True stories of old Houston and Houstonians: historical and personal sketches / by S. O. Young. Page: 114
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114 TRUE STORIES OF OLD
"What are you doing with that bell? There's no fire anywhere,"
he said. "You come with me." So saying he grabbed
Sinclair by the collar.
"Hold up, captain," said "Sin;" "Cleveland is elected."
"Is he?" said the captain. "Give me that rope," and the two
took hold and woke the town up some more. By the time they
reached the sidewalk, after tiring themselves out, the whole
town was in an uproar, for the news had spread and everybody
ws rejoicing. The captain invited "Sin" over to have a
"snifter" and as they were taking it he looked at "Sin" and said:
"Sinclair, if you have got the Jimmies and have spread a false
report, I'm going to lock you up in jail if it takes me a year to
The news seemed too good to be true.
During the whole thirty years I have known Sinclair I have
never heard of his doing a small or mean thing. I am sure exMayor
John Browne will not say the same thing, for he holds
different views and, perhaps, has reason for doing so. Some
years ago Sinclair, while on the Post, got up his famous goat
races. He had the whole town goat mad. Mayor Browne met
him on the street one day and told him he would give him some
goats if he would come after or send for them. Sinclair thanked
hih, and going to his office he put the following in the Post:
"Any boy in Houston who wants a fine goat for nothing can
get one by calling at Mayor Browne's residence this morning,
As there are only a few goats, it will be first come, first served.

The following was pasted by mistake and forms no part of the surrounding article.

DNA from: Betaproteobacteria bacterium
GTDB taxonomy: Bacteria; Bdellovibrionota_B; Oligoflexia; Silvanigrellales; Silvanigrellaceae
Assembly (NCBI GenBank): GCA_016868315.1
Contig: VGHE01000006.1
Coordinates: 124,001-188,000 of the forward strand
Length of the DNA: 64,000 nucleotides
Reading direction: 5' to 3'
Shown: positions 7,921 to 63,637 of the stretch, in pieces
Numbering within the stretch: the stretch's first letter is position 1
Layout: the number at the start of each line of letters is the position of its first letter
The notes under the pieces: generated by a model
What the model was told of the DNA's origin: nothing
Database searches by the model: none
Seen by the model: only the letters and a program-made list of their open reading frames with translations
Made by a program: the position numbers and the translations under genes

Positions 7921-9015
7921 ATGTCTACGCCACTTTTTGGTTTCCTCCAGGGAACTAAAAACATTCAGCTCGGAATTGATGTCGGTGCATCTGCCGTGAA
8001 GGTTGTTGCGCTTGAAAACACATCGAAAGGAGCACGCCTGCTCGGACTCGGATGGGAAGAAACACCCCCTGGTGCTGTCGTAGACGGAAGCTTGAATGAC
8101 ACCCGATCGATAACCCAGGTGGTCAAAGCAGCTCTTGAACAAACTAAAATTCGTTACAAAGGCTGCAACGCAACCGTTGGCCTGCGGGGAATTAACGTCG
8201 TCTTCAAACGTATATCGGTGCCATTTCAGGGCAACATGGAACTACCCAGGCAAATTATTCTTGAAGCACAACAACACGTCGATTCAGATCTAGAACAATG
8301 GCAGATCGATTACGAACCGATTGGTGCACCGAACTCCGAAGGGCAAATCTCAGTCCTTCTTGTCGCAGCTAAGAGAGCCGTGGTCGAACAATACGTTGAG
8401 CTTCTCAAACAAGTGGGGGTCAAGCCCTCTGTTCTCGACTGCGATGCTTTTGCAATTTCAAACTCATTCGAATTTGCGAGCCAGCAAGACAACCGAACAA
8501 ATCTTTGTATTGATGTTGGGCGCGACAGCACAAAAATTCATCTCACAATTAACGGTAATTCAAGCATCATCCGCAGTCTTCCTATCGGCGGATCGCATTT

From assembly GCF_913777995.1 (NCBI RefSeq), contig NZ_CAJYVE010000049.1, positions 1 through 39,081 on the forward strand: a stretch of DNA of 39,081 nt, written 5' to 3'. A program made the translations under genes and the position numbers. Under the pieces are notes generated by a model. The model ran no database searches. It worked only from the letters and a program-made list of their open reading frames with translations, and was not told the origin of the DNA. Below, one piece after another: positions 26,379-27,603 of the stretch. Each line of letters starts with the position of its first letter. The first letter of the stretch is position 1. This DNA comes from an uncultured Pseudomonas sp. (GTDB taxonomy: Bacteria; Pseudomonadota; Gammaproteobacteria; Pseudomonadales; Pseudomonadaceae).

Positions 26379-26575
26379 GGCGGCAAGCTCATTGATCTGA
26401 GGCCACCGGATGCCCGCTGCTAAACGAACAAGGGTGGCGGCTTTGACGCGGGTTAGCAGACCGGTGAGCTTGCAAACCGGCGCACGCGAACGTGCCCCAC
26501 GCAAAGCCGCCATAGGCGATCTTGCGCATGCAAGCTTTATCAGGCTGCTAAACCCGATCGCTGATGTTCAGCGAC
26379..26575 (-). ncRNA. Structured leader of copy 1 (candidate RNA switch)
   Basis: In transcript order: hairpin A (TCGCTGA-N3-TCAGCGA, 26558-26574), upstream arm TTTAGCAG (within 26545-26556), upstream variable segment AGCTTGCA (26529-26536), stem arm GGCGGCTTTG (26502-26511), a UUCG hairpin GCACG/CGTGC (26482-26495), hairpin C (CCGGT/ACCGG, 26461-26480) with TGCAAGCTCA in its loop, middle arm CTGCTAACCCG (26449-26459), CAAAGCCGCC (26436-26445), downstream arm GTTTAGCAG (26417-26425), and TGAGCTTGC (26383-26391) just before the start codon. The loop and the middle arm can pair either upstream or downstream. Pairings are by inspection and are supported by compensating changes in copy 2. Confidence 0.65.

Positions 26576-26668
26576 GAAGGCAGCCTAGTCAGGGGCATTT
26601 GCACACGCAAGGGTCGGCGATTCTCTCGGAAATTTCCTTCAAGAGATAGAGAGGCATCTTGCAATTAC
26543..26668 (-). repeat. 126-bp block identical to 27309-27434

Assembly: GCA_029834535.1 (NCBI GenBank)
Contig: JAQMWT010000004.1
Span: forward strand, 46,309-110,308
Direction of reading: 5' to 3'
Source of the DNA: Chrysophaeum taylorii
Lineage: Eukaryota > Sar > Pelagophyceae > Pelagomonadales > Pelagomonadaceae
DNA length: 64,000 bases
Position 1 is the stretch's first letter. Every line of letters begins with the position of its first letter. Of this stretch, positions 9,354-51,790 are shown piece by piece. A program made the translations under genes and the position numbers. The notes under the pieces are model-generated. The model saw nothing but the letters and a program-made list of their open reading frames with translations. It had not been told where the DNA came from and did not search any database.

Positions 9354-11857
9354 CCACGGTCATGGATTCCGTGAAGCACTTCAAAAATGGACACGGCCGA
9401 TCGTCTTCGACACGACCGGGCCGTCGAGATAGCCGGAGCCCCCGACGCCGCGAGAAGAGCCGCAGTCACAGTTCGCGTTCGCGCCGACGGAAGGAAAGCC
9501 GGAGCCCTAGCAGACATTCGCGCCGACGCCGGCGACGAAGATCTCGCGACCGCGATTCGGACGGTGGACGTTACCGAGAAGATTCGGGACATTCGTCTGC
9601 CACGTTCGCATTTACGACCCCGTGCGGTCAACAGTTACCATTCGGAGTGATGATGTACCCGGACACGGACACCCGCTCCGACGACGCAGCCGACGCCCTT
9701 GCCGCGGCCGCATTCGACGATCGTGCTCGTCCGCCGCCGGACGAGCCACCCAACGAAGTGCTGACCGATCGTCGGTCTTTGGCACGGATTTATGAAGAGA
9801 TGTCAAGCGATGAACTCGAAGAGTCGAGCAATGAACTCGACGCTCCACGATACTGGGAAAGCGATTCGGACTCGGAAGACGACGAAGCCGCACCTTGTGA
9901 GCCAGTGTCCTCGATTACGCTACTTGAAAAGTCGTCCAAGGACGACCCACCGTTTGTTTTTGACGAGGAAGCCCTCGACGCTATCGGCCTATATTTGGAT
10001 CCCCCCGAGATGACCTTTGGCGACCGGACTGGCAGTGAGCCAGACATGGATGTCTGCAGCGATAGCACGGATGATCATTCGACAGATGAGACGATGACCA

The first boy there gets the pick."
The next morning Mayor Browne thought every boy in Houston
had gone crazy. His yard was full of boys, the street was
full and they kept coming. When he could get away he went
gunning for Sinclair, but "Sin" hid out until the mayor's wrath
had died down a bit.
If Sinclair would only settle down and write his memoirs and
tell of his journalistic experiences, it would make a most interesting
book. He has seen both the tragic and humorous side
of newspaper life and can tell his story well.
To meet the quiet, affable gentleman that he is, for the first
time one would never suspect that so youthful a man could be
one of the oldest and most competent newspapermen in Texas,
and yet Sinclair is all of that. I believe he has filled every
position on a newspaper, from printer's devil to editor-in-chief,
except that of society editor. I would not swear, however, that
he has not tried his hand at that, too, on the sly.
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Young, Samuel Oliver. True stories of old Houston and Houstonians: historical and personal sketches / by S. O. Young., book, 1913; Galveston, Texas. (texashistory.unt.edu/ark:/67531/metapth24646/m1/114/: accessed July 26, 2017), University of North Texas Libraries, The Portal to Texas History, texashistory.unt.edu; .